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What happens in court?

All crimes whether felony or misdemeanor start in District Court. Misdemeanors are concluded in District Court whereas felonies are finished in Circuit Court. Naturally, felonies take longer to deal with than do misdemeanors, generally speaking, but this issue just like all others is evaluated on a case by case basis.

All matters start with an arraignment. In certain instances I will be able to have my clients arraignment waived by submitting a document to the court (when allowed). This is just one more day my client can avoid missing work just to spend it in court!

At the arraignment we will receive notice of the next court proceeding called the pre trial.

The pre-trial provides me an opportunity to get discovery material from the prosecutor. Discovery consists, generally speaking, of police reports, witness statements, diagrams, etc. Since myself, the client and the prosecutor are all ordered by the court to attend, we take the opportunity to review the discovery, evaluate the case and see if resolution is possible. Many times misdemeanors can be resolved at pre-trial with only one court date left - sentencing. The Court sets the sentencing date a number of weeks into the future to enable the client to attend a pre-sentence interview. This is conducted in the probation office. A pre-sentence report is created and reviewed by myself and client and then given to the judge for his consideration for sentencing. Sometimes pre-sentence reports are not required and the client can get sentenced the same day as pre-trial, most of the time the judges want the report though.

When charges do not get "dismissed" or "adjudicated" at the pre-trial stage, the next event will still be held at District Court. This hearing will be one of two things either a preliminary examination or a waiver to circuit court.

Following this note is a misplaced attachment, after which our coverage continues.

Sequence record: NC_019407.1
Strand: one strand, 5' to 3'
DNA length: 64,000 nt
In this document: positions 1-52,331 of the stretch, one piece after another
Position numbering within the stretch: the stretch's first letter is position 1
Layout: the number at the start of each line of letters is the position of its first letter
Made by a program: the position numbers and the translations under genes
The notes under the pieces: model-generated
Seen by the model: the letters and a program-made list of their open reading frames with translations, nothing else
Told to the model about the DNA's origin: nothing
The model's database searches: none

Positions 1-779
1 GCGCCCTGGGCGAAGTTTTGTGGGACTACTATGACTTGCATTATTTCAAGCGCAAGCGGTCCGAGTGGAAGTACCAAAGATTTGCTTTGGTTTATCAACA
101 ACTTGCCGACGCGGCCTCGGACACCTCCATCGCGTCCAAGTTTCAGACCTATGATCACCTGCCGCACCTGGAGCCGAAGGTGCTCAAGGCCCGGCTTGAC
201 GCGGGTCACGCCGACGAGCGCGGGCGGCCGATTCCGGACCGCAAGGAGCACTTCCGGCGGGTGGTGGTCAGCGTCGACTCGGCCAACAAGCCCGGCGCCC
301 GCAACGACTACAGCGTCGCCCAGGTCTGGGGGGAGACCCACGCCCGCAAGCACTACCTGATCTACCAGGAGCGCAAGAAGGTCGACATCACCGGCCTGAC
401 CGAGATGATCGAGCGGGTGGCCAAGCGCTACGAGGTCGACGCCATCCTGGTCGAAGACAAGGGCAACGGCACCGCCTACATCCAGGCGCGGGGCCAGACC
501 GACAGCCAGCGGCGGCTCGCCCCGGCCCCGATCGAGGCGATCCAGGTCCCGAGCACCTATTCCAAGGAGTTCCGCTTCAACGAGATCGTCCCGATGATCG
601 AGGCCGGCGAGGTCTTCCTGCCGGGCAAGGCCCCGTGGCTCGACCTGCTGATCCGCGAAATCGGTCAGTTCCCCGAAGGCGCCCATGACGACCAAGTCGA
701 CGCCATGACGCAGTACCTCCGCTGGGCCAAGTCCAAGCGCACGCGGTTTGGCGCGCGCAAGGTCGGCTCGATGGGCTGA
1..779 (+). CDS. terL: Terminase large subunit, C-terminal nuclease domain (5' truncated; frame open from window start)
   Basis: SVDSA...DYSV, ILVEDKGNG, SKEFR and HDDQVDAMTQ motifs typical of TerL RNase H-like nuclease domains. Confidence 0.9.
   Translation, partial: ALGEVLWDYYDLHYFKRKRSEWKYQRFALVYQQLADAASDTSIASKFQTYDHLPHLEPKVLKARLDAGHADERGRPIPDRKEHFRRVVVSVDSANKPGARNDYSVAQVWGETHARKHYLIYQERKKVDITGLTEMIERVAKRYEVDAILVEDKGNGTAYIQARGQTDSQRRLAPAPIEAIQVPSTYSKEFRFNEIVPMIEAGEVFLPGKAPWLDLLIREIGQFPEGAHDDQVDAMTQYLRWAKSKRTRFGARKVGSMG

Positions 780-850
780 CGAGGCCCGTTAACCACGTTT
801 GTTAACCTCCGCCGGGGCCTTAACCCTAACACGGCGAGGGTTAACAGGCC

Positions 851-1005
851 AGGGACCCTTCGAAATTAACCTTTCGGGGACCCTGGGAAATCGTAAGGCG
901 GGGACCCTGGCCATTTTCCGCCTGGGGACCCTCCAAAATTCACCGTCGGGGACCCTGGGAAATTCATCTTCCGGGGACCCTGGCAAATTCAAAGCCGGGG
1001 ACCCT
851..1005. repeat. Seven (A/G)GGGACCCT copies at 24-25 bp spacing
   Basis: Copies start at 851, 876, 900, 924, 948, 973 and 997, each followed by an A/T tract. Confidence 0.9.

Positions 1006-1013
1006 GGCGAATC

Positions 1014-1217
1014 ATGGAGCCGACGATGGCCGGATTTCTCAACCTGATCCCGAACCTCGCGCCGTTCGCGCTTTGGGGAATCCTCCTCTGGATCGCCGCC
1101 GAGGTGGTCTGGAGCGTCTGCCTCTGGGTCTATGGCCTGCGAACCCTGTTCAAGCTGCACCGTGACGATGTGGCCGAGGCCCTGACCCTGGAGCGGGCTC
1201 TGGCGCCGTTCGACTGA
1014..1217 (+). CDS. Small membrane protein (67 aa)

If a preliminary exam is going to be held the client has a right to have this held within 14 days from the date of arraignment but, if need be, this “14-day rule” can be waived by the client and prosecution and the case would then be adjourned for a reasonable time in order for the parties to do whatever it is they need time to accomplish (as long as the judge agrees) . This exam, in many cases, will take no more than an hour, if that. It is the burden of the prosecutors to prove by a preponderance of the evidence that 1. A crime was committed and 2. That the client committed it.

Now a preponderance of the evidence standard is very low, that is to say, it is an easy hurdle for the prosecutor to clear (just the slightest tipping of the scale in their favor and they get their relief) and therefore, most often but not always, the matter gets bound over to Circuit Court. Bind-overs to Circuit Court are also made easier for the prosecutor due to the fact that the defense never puts on witnesses of their own but rather listens to the prosecutors case in order to uncover weaknesses, cross-examine witnesses, make objections and eventually, if the opportunity presents itself, make meaningful bind-over objections to get charges dismissed or amended.

If a matter gets bound over to Circuit Court, everything changes. The prosecutors burden shifts to beyond a reasonable doubt and the defense finally gets the chance to present witnesses and other evidence. Before things get to this point however, a number of dates are scheduled in an attempt to either resolve the case or schedule it for trial.


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